5.  Ph.D. + 5-year postdoc to professorship:  starting professor salary = $80000/year, ending = $120000/year.

6.  Ph.D. + 10-year postdoc to professorship:  As above, but 5 more years are lost to postdoc wages.

7.  B.Sc. + M.D. + residency to medical doctor:  $200000 student loans, 5-year B.Sc + 4-year M.D. (assuming no money is made although this isn't true due to clerkships) + 5-year residency @ 75000/year.  Starting professional salary = $150000, ending = $250000.

And the winner is: M.D.

No surprise there; I really just put that in for comparison.  Second place goes to "Ph.D to industry".  Here is the final cumulative lifetime earnings (net after taxes, and minus student loans, in millions of dollars):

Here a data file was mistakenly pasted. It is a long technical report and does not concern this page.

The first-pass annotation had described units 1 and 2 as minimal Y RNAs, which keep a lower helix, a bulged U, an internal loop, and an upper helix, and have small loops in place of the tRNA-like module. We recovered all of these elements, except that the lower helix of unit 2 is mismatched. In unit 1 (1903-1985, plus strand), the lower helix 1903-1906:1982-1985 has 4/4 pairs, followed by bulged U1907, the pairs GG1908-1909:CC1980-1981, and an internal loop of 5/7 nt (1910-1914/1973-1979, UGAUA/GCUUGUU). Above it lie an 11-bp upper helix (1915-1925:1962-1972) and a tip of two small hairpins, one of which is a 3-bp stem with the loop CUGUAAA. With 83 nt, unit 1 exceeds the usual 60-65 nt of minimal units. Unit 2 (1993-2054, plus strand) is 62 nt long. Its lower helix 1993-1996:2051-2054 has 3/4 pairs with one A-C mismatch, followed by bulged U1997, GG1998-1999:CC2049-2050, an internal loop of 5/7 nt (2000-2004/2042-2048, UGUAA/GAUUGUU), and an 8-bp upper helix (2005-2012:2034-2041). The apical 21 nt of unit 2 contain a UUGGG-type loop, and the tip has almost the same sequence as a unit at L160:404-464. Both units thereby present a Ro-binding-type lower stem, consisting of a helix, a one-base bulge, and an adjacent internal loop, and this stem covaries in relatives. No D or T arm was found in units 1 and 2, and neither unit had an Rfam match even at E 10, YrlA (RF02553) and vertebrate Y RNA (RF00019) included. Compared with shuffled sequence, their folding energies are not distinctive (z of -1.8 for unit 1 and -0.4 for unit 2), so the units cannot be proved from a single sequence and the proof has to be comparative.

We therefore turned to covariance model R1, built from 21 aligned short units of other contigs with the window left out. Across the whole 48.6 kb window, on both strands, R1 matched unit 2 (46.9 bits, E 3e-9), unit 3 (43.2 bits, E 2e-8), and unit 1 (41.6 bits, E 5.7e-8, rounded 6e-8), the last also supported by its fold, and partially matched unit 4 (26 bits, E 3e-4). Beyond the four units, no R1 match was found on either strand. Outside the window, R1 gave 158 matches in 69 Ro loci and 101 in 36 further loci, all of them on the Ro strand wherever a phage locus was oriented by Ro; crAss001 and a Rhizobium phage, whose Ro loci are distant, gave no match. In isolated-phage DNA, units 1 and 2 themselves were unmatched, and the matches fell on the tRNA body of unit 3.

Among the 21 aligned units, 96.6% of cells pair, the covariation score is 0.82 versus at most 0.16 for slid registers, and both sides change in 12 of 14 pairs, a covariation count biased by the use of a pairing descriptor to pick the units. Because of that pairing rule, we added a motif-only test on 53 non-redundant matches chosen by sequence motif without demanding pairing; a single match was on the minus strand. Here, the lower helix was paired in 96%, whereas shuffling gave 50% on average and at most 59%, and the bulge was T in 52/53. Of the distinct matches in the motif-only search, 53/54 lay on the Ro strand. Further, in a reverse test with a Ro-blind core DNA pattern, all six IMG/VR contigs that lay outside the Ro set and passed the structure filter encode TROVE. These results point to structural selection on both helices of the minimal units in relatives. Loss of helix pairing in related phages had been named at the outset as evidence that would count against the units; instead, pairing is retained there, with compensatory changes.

1.  M.D. - $5.2
2.  Ph.D. to industry - $2.56
3.  Ph.D. + 5-year postdoc to professorship - $2.52
4.  B.Sc. to industry - $2.39
5.  Ph.D. + 3-year postdoc to industry - $2.36
6.  Ph.D. + 10-year postdoc to professorship - $2.29
7.  No university - $1.84.

So what is the moral of the story?  Besides the obvious fact that students shouldn't overlook the M.D. route, a Ph.D.'s earnings are maximized if they can obtain industry employment immediately following their grad degree, and having a Ph.D does not give you that much more in lifetime earnings compared to only a B.Sc. (a difference of ~$150000).  The overall cumulative earnings decline depending on the number of postdoc years you have under your belt before going to industry.  In essence, you lose the difference between a postdoc salary and the high-end (near $120000) salaries that you would make if you would have cut to industry straight after the Ph.D.